blacksmith hammer and anvil

My horse sprung a shoe—do I call the farrier? The blacksmith? The local horseshoer? Do they do different things or just go by different names? Like most things, the difference is in the details.  Here’s what the terms really mean. In the Oxford English Dictionary, a “horse-shoer” is:

One who makes horseshoes, or shoes horses.

The earliest written use of this word is in Francis Sparry’s 1591 translation of C. de Cattan’s Geomancie, where he speaks of, “Craftsmen working by yron, as horse-shooers, locke-smiths, and such like.”

“Blacksmith” is a term that comes out of the word “smith,” meaning:

One who works in iron or other metals; esp. a blacksmith or farrier; a forger, hammerman.

It’s obviously a word we still use today (locksmith, goldsmith, etc), but the term “smith” is quite old, predating “blacksmith,” and first appearing in English in about 950 A.D. in the Lindisfarne Gospels, (specifically Matthew 13:55, where the word smiðes stands in for carpenter—i.e. a person who makes things). The word also makes an appearance in the epic Beowulf.

A blacksmith, then, according to the OED, is specifically:

A smith who makes and repairs iron articles by hand.

This term first appears as a profession in Richard III’s 1484 Rolls of Parliament, where he refers to “blaksmythes” alongside bladesmiths and goldbeaters as “artificers” of the realm. There was even a Worshipful Company of Blacksmiths that was incorporated in 1571 and was one of the Livery Companies of London. The Blacksmiths’ Company housed a lot of different crafts, though. Farriers who made horseshoes were part of the guild, but they were just one branch. The Company also included gunsmiths, armourers, clockmakers, and also, at an early point, tooth-drawers, so a blacksmith might not have anything to do with horses. Nowadays, the work of a blacksmith is pretty specialized, since machines make lots of the metal objects that blacksmiths used to make. Nevertheless, traditional blacksmiths (who may or may not make horseshoes) are still alive and kicking.

The Oxford English Dictionary definition of “farrier” is:

One who shoes horses; a shoeing-smith; hence, also one who treats the diseases of horses.

According to the OED, the earliest usage of the word “farrier” is from a 1562 English Act of Parliament, where Elizabeth I refers to “The..Crafts..of..Smiths, Farriers.” In England, farriers got a Worshipful Company all their own (which still exists), having started out as a Fellowship in 1356 and incorporated as its own company by Charles II in 1674.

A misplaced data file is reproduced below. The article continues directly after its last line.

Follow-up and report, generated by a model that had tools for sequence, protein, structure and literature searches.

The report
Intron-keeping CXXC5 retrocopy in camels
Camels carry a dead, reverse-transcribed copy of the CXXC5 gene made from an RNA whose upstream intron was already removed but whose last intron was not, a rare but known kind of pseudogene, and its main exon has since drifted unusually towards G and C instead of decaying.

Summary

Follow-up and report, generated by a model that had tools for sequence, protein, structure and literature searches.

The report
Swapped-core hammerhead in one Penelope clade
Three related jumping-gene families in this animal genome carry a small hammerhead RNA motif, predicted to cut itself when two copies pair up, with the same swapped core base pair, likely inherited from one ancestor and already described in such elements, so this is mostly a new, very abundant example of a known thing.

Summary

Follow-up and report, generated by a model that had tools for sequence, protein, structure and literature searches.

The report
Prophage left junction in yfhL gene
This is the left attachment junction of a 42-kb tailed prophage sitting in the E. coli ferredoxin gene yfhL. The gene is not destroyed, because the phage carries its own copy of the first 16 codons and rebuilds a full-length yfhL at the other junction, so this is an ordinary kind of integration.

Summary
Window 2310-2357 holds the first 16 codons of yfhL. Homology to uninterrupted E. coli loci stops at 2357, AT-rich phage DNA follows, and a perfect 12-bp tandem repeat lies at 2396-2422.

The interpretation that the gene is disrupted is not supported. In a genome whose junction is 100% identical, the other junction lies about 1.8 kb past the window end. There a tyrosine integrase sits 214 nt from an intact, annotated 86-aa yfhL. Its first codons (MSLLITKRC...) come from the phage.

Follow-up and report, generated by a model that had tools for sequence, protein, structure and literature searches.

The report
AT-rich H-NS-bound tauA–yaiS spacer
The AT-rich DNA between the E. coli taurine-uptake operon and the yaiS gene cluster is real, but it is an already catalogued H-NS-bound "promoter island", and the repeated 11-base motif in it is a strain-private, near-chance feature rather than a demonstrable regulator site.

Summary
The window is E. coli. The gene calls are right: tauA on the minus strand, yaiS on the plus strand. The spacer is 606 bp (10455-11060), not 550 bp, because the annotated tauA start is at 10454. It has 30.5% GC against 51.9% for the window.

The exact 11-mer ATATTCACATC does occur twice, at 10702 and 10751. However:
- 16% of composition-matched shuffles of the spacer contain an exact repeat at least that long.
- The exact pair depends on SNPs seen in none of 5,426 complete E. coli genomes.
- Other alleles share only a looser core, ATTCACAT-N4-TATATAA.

The term “farrier” has always been closely associated with the term blacksmith, as you can see if you trace the name. Farrier comes from the Middle French word ferrier, which comes from the Latin ferrum, meaning “iron.”

Historically, the farrier was also used to treat medical problems when they arose. Farriers were an important part of the military of medieval cultures like the Normans, travelling with armies to tend to all aspects of the horses’ care. It wasn’t until the late 18th century that the job of treating equine illness was given over to the emerging profession of veterinary surgeons, according to the “Evolution of Military Veterinary Medicine, 1775-1916.”

It was expected that shoeing would be a part of a farrier’s job, but that a farrier would do more than make and put on shoes. This is still true today. A farrier (well…a good farrier) is an expert in hoof care, which is about more than just trimming and shoeing a horse’s foot. The farrier has to learn about equine anatomy, biomechanics, physiology and basic lameness and health issues, meaning the farrier learns some of the same things as a veterinarian, even though their jobs have diversified.

So to sum it all up, farrier work is a kind of blacksmithing and blacksmithing is a kind of farrier work. A blacksmith might limit themselves to making shoes and tools, but might also be able to put those shoes onto horses. A farrier might use prefab shoes and tools in their farriery work, but then again, they’re often able to make their own. It all depends on the kind of training they’ve had. Some blacksmith schools are just about smith work, but offer the option of farrier forge work. Most farrier schools will have some training in making shoes.

In Britain, it’s actually illegal to call yourself a farrier if you haven’t had any farrier training, but in North America, even blacksmiths/farriers will use the terms interchangeably. When you’re calling someone in to do work on your horse’s feet, the name the person goes by will probably, in the end, be less important than the experience and qualifications they come with.


by Cindy McMann

image: M. Franke (Creative Commons BY)

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